She recommends looking for races with paved runs, as they are both wheelchair friendly as well as easier for athletes with lower limb impairments. Also check out both the bike and run paths to see if there are any sharp turns. These can be more difficult for racers using handcycles or tandem bikes and might pose a safety issue. With the swim, adaptive athletes typically start with the first wave, and if the swim is a point to point (starts in one location and ends in another), a reasonable accommodation request is to have someone bring a wheelchair from the entrance point to the exit point, as well as to request a water exit handler. You may also want to request a slightly larger space within the transition areas to include room for two chairs, or a transition assistant if needed. Visually impaired athletes can reasonably expect that their guide be given a free entry slot as the guide is not considered a racer.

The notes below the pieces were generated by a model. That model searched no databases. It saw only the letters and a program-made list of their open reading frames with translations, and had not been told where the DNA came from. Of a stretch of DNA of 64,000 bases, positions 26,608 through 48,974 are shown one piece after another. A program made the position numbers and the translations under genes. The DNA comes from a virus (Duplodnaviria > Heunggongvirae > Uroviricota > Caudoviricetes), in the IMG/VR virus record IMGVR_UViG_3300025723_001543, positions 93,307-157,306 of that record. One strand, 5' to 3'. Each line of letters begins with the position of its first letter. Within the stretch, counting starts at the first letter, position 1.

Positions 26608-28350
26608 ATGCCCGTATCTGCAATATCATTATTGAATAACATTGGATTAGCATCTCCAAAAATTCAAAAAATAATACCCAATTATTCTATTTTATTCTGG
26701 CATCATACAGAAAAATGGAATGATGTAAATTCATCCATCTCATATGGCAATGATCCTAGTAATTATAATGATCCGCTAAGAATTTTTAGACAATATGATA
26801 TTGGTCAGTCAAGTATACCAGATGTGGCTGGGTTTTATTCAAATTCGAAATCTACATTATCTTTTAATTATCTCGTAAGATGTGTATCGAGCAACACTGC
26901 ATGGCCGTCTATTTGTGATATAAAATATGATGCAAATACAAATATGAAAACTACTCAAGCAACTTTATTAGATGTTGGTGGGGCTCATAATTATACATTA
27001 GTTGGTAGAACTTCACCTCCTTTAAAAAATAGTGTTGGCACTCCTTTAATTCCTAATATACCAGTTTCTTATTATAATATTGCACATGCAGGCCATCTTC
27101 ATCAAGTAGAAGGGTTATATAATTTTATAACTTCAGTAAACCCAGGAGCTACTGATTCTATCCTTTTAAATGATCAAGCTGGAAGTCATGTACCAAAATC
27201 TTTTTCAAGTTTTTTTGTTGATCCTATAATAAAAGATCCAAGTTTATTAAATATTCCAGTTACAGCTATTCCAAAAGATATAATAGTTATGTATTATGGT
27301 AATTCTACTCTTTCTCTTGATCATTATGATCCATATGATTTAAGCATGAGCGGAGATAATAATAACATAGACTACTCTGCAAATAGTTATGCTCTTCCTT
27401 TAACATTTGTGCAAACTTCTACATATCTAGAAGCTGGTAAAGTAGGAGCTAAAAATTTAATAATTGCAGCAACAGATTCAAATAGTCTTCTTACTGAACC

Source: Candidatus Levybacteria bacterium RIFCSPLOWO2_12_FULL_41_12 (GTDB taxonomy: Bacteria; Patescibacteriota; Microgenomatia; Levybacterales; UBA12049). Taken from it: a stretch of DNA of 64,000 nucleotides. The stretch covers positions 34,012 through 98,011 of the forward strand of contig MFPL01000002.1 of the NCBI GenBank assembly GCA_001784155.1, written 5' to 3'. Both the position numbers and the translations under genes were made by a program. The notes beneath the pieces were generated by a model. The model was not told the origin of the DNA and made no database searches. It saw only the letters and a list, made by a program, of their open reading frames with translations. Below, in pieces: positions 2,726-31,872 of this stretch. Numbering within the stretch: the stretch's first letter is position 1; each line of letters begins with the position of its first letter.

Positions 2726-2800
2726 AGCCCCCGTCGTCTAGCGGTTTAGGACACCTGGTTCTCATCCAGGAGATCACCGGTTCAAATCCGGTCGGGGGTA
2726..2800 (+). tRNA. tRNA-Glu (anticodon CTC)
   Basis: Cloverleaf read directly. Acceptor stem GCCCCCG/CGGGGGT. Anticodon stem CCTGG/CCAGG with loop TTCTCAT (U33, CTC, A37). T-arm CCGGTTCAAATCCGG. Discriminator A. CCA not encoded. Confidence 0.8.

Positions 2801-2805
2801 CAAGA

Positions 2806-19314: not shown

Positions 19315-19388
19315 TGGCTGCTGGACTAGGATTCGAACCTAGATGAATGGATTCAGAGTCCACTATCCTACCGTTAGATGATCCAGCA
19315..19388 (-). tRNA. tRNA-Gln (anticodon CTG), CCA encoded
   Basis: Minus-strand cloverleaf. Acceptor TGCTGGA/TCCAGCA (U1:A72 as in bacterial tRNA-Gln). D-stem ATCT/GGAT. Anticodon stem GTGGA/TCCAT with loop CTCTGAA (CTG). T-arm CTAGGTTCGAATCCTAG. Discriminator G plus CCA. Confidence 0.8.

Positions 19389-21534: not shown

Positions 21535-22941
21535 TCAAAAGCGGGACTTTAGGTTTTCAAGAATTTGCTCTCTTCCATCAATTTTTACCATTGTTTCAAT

To help you think of other accommodations you might need, USA Triathlon has put together an FAQ sheet about para-triathlon and is a good reference for newer athletes who might want to reach out to a race director to see if they would be a good fit for the event.
For a full listing of sanctioned races in the Unites States, visit the USA Triathlon website.
Athletes looking to participate in para-triathlon can break themselves into two categories: Open and Elite.